Global Measures of Electoral Credibility: Voter Participation and Political Finance
Credible elections are integral to democracy. As preeminent political scientist Charles E. Lindblom once noted, a key difference between democracy and authoritarianism is that “in democratic regimes citizens choose their top policy makers in genuine elections.”
In other words, a credible poll reflects the will of the people, who accept the election as a vehicle to include their voices in the political process. How do we then measure electoral credibility? Researchers study many aspects of the electoral process to determine the integrity, or credibility, of the outcome. For example, the Electoral Integrity Project looks at 49 variables, and among these are voter turnout and political finance. A high level of voter turnout has traditionally been viewed as a strong indicator of electoral credibility, yet this ignores other critical factors. Examining political finance offers a more detailed picture, but is still highly variable and subject to other intervening variables. Indeed, measuring electoral credibility is a nuanced and complex challenge.
Since the start of the “Third Wave,” an era of democratic transitions that began in the 1970s, democracy practitioners have looked to voter participation as a key signifier of democracy. According to this view, robust voter turnout on Election Day is a sign of high electoral credibility. Most observer groups regard low voter turnout, on the other hand, as a challenge to the credibility of elections and a barrier for democracy.
Two relevant examples of consistently low voter turnout are Guatemala and the United States.
With some of the lowest recorded levels of turnout in the world, Guatemala is ranked 155 on International IDEA’s list of average voter turnout in 170 countries between 1945 and 2014. Similarly, compared to other established democracies where voting is voluntary, U.S. turnout rates have also lagged behind. According to International IDEA, in legislative elections U.S. voter turnout has averaged at about 48 percent of the voting age population. This is 15 percent lower than the global average of 63 percent, and well below countries like Italy (89%), Iceland (88%), Belgium (85%), Australia (84%), Netherlands (82%) and Turkey (75%).
For some observers, low turnout in the United States and Guatemala highlights challenges in both countries’ democratic processes. In Guatemala, women, the poor and indigenous groups have historically been marginalized by political parties and election administrators, contributing to low turnout on Election Day. In the United States, the media and other observers of the political process argue over the challenges that might be influencing Election Day turnout, such as electoral competitiveness, restrictive voter identification laws, and the effects of some other electoral policies. However, given the array of factors potentially influencing turnout in the United States – and the disagreements over them – scholars are increasingly concluding that low turnout may not be a sufficiently expansive indicator to say much about the health of the political process.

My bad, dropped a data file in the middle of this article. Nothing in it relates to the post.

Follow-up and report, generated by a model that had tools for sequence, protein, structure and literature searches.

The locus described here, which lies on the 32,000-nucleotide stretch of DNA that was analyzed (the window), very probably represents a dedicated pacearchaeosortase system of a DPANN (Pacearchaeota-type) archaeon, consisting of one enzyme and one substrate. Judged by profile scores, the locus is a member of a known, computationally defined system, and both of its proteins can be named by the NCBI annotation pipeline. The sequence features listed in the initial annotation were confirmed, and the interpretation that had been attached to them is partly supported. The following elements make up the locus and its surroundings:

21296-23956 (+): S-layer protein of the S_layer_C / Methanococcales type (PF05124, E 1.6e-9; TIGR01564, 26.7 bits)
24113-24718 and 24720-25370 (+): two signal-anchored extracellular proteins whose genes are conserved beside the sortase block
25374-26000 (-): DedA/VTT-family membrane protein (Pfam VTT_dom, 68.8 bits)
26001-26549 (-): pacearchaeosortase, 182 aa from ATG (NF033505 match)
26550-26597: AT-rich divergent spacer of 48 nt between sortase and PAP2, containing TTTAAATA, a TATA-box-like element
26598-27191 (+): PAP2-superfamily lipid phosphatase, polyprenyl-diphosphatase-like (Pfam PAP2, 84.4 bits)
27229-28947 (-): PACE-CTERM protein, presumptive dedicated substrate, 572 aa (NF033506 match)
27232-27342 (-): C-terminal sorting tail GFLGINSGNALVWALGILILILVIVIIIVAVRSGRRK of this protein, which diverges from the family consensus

High turnout can also be somewhat meaningless in contexts with extraordinary political stakes. This has been the case in countries emerging from civil and political conflicts, where citizens may go through great lengths to cast their votes, whether it is for their very first time, or to influence an entirely new governing arrangement. Take Afghanistan’s very recent presidential election held this year – a contest that could lead to the first democratic transfer of power in the country’s history.
In this election, Afghanistan’s Independent Election Commission reported an extremely high turnout during both rounds of the contest. Yet high turnout here may reveal very little about credibility in a war-torn nation with deep political divides. Indeed, presidential candidate Abdullah Abdullah’s rejection of the electoral results, his accusations of electoral fraud, and the rocky audit of all votes cast may suggest the narrow implications of voter turnout in environments like Afghanistan.
Considering these limitations, it is important to consider other factors when looking for electoral credibility. Differences in political influence and campaign resources, for example, can shape electoral outcomes before any voters even cast a ballot.
Money significantly affects the competitiveness of elections around the world, and arguably, the credibility of electoral outcomes. As a result, election observer groups like the Carter Center and the Organization for Security and Co-operation in Europe (OSCE) routinely report on elections by examining the role money plays in political campaigns.
The vast campaign war chests in the U.S. (for example, nearly $4 billion was spent by candidates in the 2012 congressional elections) have garnered worldwide attention of late and sparked global comparisons in the media. It is challenging, however, to compare spending across diverse country contexts, given dramatic differences in population, costs, and the number of seats being contested. Instead, we can contribute more to the debate about electoral credibility by examining the regulatory context, and the way political spending is managed.